Disability pay gap falls to 13.8%

The disability pay gap has narrowed slightly between 2019 and 2021, according to official statistics.

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The disability pay gap, the gap between median pay for disabled employees and non-disabled employees, fell in 2021 to 13.8% from 14.1% in 2019, but remains higher than the 11.7% figure for 2014, according to new figures from the Office for National Statistics.

Interestingly, the disability pay gap has consistently been wider for disabled men than for disabled women; in 2021 median pay for disabled men was 12.4% less than non-disabled men, and median pay for disabled women was 10.5% less than non-disabled women.

The ONS figures also show that Scotland had the widest disability pay gap in the UK at 18.5%. The pay gap was also higher for those who were consistently limited a lot in their day-to-day activities compared to disabled employees whose day-to-day activities were limited a little (12.1% in 2021).

Disabled employees with autism as their main impairment had a wider pay gap in 2021 than other disabled people with the figures showing a median pay gap of 33.5% compared to non-disabled employees without a long-lasting health condition. Disabled employees with autism (as their main impairment type) had the largest reduction in the pay gap after controlling for different characteristics which may affect pay (for example, occupation, qualification level or age), with the adjusted pay gap being 9.9%. However,  disabled employees with difficulty in seeing and with severe disfigurements, skin conditions or allergies (as their main impairment type) saw an increase in their pay gaps after controlling for personal characteristics. The pay gap for disabled employees with difficulties in seeing increased from 0.0% to an adjusted 10.5%, and for disabled employees with severe disfigurements, skins conditions or allergies increased from negative 2.8% to an adjusted 6.2%.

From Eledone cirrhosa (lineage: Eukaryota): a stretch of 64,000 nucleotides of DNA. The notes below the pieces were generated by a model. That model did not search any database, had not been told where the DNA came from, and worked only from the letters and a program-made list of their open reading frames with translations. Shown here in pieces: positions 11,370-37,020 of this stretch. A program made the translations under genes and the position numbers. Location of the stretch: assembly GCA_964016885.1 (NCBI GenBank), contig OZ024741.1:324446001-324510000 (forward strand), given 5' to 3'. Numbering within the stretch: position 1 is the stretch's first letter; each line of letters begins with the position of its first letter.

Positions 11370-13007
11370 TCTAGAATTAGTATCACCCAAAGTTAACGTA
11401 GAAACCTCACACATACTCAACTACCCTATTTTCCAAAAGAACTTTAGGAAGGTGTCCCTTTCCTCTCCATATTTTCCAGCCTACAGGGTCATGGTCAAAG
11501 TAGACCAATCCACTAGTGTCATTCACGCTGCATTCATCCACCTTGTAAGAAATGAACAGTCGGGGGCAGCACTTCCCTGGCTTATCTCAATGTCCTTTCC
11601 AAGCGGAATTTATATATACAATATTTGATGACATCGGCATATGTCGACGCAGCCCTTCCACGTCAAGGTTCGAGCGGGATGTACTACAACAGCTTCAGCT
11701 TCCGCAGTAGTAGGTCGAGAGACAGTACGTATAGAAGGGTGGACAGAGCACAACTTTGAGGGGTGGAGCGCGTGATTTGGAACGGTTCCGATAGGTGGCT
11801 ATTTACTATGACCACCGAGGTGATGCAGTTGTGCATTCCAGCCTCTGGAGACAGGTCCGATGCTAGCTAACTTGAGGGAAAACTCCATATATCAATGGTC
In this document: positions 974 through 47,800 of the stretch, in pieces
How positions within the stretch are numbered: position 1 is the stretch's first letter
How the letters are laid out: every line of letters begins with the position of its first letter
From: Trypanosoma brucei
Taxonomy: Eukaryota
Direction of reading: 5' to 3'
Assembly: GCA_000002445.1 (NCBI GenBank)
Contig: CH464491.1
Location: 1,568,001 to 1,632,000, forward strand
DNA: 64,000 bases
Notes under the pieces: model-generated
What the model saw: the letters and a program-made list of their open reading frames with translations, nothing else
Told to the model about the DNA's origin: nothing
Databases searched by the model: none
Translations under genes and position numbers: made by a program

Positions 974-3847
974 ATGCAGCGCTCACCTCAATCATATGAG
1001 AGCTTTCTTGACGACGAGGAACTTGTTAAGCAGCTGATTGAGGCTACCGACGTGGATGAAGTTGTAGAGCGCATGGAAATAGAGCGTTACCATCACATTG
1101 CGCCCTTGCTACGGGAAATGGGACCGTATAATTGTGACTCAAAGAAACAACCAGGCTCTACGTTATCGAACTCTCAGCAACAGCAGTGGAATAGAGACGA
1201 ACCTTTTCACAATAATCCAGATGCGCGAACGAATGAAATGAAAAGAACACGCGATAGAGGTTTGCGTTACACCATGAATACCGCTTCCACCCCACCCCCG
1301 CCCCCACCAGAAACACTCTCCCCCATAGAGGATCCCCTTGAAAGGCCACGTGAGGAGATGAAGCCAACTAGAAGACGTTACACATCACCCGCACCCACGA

The ONS report also includes modelling for profession and education level and shows significant decreases in the pay gap in those circumstances.

Gillian Jones-Williams, managing director of Emerge Development Consultancy, said: “The problem with the disability pay gap is that it is still looking predominantly at registered disabilities and people tend to perceive this as ‘people in wheelchairs’. Disability is so much wider than that, and includes mental health issues and hidden disabilities. But often, as with so many diversities and protected characteristics, the disability is all the person hiring sees and this can lead to them perceiving the candidate will be grateful for the job offer and will accept whatever package is offered. We must avoid tokenism and instead look at people’s strengths, improve inclusive recruiting practices and regularly benchmark wages.”

Meanwhile, a report from the Business Disability Forum, has stated that mandatory disability workforce reporting is not the answer to solving the disability gap, given there is no clear link between the percentage of disabled people employed and their experiences in the workplace and no clear agreement on how disability is defined.



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